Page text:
Singles Day is the biggest online shopping event in the world as the clock strikes midnight and a huge array of products are available at substantial discounts with new promotions launched throughout the 24-hour period, according to a press release.
In the six Singles Day events so far, sales have grown from $15.75 million (100 million yuan) to $9.3 billion (57.1 billion yuan) as Alibaba founder and chairman Jack Ma’s prediction of reaching $15.75 billion (100 billion yuan) before the end of the decade looks more possible.
Last year marked the entry of foreign brands setting up shop on Alibaba’s two retail platforms, Tmall and Taobao. Hong Kong, the US and Russia were the three largest international buyers.
This year Alibaba is selling call options on products available during Singles Day so shoppers can reserve items at a specific price a few weeks prior to November 11. This strategy enables Alibaba to see which products will be most popular—a fine-tuning approach to massive monetization.
At the official launch today, Alibaba outlined its international strategy to serve as the “gateway to China” for brands worldwide. “There are currently 300 million middle class in China, and that number will rise to 500 million in 10 to 15 years,” said Ma, in the press release. “This will be an opportunity for every nation. China’s consumption power will rise quickly and that will not only drive China’s economy but also the world’s economy.”
Key estimates for the Singles Day Global Shopping Festival: 40,000+ participating merchants, 5,000+ participating international brands from 25 countries, and more than 6 million products available.
— Globalwide Media (@GlobalWideMedia) October 5, 2015
Beyond the 11.11 event, Alibaba is expanding its AliCloud cloud computing business with a second data center in Silicon Valley spanning 10 cloud services, having announced earlier this year that it was investing $1 billion in its cloud computing business and launching its first data center in Silicon Valley in March.
While expanding aggressively, Ma has had to reassure brands about counterfeit goods on its sites such as Tmall and reassure investors about the company’s growth outlook.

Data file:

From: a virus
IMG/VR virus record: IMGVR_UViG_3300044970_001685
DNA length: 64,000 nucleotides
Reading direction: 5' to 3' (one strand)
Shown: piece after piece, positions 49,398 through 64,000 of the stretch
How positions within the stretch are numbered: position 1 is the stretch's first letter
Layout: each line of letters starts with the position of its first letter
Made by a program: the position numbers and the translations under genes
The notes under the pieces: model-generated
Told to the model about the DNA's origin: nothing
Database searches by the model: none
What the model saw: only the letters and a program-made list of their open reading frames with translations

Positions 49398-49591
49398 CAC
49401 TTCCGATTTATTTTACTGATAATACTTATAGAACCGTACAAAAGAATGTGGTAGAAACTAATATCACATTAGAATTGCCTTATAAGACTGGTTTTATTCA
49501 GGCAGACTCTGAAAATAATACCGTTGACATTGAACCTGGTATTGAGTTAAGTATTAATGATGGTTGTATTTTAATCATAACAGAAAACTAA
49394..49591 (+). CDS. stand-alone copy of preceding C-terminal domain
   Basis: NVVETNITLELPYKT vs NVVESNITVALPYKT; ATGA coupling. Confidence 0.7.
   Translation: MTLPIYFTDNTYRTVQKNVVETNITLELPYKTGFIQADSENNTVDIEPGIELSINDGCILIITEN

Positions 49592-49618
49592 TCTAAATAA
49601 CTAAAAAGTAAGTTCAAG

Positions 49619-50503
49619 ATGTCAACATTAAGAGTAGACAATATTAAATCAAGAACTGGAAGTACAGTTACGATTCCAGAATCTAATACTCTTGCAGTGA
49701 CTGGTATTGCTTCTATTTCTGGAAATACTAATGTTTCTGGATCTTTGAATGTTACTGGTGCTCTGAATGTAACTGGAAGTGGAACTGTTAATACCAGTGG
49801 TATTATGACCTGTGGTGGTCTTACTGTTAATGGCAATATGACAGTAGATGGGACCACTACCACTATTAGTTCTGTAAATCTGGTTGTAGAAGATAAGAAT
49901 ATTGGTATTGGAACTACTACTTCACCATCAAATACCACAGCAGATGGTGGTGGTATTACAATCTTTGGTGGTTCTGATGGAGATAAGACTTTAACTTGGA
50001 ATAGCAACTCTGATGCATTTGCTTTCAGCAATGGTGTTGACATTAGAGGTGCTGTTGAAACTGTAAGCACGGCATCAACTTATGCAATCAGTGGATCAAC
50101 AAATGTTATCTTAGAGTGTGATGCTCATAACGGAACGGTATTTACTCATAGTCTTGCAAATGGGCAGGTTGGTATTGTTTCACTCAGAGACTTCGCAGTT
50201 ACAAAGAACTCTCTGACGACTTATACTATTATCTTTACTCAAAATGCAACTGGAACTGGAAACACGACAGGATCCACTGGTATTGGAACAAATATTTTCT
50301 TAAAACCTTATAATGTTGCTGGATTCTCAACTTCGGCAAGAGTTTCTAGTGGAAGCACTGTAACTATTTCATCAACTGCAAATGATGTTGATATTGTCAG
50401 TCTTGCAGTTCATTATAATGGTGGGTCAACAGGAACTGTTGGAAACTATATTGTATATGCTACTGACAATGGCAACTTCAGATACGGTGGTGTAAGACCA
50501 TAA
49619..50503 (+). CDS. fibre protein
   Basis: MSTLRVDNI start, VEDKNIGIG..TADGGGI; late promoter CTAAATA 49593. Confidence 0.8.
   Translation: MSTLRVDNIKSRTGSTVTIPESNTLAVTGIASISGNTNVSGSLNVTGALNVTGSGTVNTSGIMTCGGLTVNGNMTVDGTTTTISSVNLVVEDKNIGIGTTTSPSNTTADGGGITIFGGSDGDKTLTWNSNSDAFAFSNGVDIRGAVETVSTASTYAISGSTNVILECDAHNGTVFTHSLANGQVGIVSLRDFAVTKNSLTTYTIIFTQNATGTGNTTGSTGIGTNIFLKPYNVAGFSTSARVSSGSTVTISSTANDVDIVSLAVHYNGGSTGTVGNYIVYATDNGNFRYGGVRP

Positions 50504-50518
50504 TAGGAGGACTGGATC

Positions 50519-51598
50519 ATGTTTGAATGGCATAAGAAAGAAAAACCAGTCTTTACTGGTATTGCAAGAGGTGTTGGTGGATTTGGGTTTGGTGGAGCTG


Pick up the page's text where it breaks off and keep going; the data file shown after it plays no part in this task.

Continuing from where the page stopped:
“Recently, signals of China’s economic slowdown have triggered widespread concern and, I believe, overreaction around the world,” Ma said in a letter to investors, as reported by Bloomberg. “I do not agree with the notion that consumption will decline as economic growth slows. It is inaccurate to think that the slowdown of the Chinese economy means that Chinese people are unwilling to spend.”
Meanwhile, JD.com, China’s second-largest ecommerce company, announced yesterday the opening of its first US research and development center in Silicon Valley focused on cloud computing, mobile applications and big-data infrastructure. In July JD.com launched US Mall on its website to meet the growing demand in China for American products.
But Alibaba’s lead in the US remains substantial and last month it inked a deal with the US Postal Service in anticipation of cross-border ecommerce reaching $1 trillion by 2020.
“The importance of Singles Day is not just about its status as the major annual shopping event in China,” reports TradingFloor.com. “Singles Day gives valuable insight into annual consumption trends in China, which is becoming more important since the government has targeted consumption to be the main driver of economic growth.”
Michael Evans, President of Alibaba, said in the release, “Over the past decade, we measured ourselves by how much we changed China. In the future, we will be judged by how we change the world.”